says one who knew him well, ' he discov- 
ered at once the wisdom and prudence, 
which we should suppose could be the 
result of experience only. ' He secured to 
an uncommon degree the respect and at- 
tachment of his people, and his love for 
his calling soon amounted, as he himself 
expressed it, almost to a passion. As far 
as was practicable he made himself person- 
ally known to every individual, interested 
himself as a friend in their welfare, was by 
their side in perplexity and sorrow, and 
ready to make any sacrifices of personal 
ease for the sake of their good. At the 
same time he pursued his studies with dili- 
gence, and made especially the preparation 

ABBOT. 1 13 

of his sermons for the pulpit an object of 
chief attention. 

His frame was too feeble to support this 
various load of cares. He had never been 
robust; and the duties which he pursued 
with so much ardor made him forget the 
care of himself. In the spring of 1817, 
his health was evidently impaired; and a little 
cough, which seemed alarming to some of 
his friends, but too slight to be noticed by 
him, followed him through the summer. 

In October he took a little journey to 
the south, which injured instead of bene- 
fiting him. He felt it his duty, feeble as 
he was, to preach in the Unitarian church at 
Philadelphia. On his return, the weather 
was cold and stormy; he took a severe cold 
which settled upon his lungs witli a violent 
cough, and was accompanied with bleeding. 
Fearing lest he should become too weak 
to reach home, he pressed on with inju- 
dicious rapidity. On the day after his ar- 
rival in Salem, the first Sabbath in Novem- 
ber, he preached to his "^o^^- '\>cft 



weadber was tempestuous. His utterance 
was interrupted by a perpetual cough; and 
the service of the holy communion, which 
he administered for the last time, was a 
season of distress to his church, and full of 
the saddest forebodings. He was too ill 
to attend worship in the afternoon, and 
from that time appeared to be in a settled 
decline. During the winter he was con- 
fined to his chamber, and principally to his 
bed; his weakness was extreme; his voice 
only a whisper; and he believed himself a 
dying man. But there was nothing in him 
of distress, agitation, or gloom; he was the 
same tranquil and cheerful man that he had 
been in health. His unwillingness to speak 
of himself, and his aversion to talking much 
of what was passing within him, which was 
always a prominent trait in his modest char- 
acter, prevented his conversing much, or 
to many persons, of his feedings and pros- 
pects. He knew that religion did not con- 
sist ID being forward to tell the secrets of 
the soul. He did not conceal, however, 

ABBOT. 115 

from those who had a right to know his 
thoughts, that he thought his days were 
numbered. To a friend, who often watch- 
ed with him, he spake frequently without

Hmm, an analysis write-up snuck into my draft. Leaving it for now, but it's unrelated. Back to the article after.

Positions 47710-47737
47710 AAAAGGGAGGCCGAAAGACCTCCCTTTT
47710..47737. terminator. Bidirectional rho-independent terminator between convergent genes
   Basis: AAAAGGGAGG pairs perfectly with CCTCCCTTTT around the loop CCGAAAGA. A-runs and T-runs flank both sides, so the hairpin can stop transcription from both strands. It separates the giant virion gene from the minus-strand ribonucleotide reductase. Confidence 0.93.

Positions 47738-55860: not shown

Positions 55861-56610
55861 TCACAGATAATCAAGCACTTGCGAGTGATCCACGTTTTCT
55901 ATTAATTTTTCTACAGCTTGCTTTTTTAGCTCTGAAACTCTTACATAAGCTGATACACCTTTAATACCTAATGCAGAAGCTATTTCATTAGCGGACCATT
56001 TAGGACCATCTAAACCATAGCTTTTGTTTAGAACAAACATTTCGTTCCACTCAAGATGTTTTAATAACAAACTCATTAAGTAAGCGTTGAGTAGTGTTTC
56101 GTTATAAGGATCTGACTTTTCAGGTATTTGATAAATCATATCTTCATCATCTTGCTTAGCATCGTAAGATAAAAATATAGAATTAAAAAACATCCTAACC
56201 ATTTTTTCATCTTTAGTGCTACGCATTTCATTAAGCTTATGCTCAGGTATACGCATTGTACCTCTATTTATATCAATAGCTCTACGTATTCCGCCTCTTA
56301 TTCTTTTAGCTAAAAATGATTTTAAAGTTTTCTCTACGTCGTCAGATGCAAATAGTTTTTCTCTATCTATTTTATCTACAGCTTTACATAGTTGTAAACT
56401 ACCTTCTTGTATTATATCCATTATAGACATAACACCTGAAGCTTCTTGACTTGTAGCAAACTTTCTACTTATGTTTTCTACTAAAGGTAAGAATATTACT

reserve; dwelt upon the thought of dying, 
with perfect calmness; and expressed with 
energy the satisfaction and peace which he 
derived from the views of religion which he 
had imbibed and preached. 

On the approach of spring, appearances 
were more favorable, and he removed to 
Exeter. There he spent'the summer with 
his parents, and his strength was so far re- 
stored that he contemplated a return to his 
ministerial labors in the autumn. A letter, 
which he wrote in July to an intimate friend, 
presents a beautiful exemplification of his 
habitual piety. *I think,' he says, Hhat I 
gain strength, and now caimot but rejoice 
in the hope, which for so long a time I felt 
it necessary to check as it rose, of being 
again permitted to minister the gospel to 
my beloved people. In this restoration, I 
see the direct agency o( IVvtix.) ^\vci ^'^iX. 


breathed into me the breath of life; the 
skill of man and the powers of medicine 
^ seemed all in vain; it was &i5 air, the warmth 
of his sun, the bright and cheering prospect 
of the earth which his goodness quickened 
and beautified, which thus far have dispell- 
ed the damps of disease, and enkindled the 
feeble and dying flame within me. I sup- 
pose that every person, when restored from 
sickness, flatters himself that the feelings 
of piety, which deliverance awakens, will 
not decay. God grant that mine may be 
as permanent and influential as they ought 
to be!' 

In another letter he speaks of his atten- 
dance on public worship, which he was just 
able to renew. 'I could not help my mind 
from wandering much away, and being 
filled with recollections of the past years of 
my own life; for I had not been present at 
the ordinance since that distressful day, 
when I last met our own church at the al- 
tar. I think there is no time when the 
heart more expands towards all present or 

ABBOT. 1 17 

distant) whom God has made dear to it, 
than when commemoratiug that greater 
friend, whose love was stronger than death.' 
But the approach of autumn proved these 
flattering expectations to be delusive. His 
cough, which had never left him, became 
again alarming, and it was thought expedi-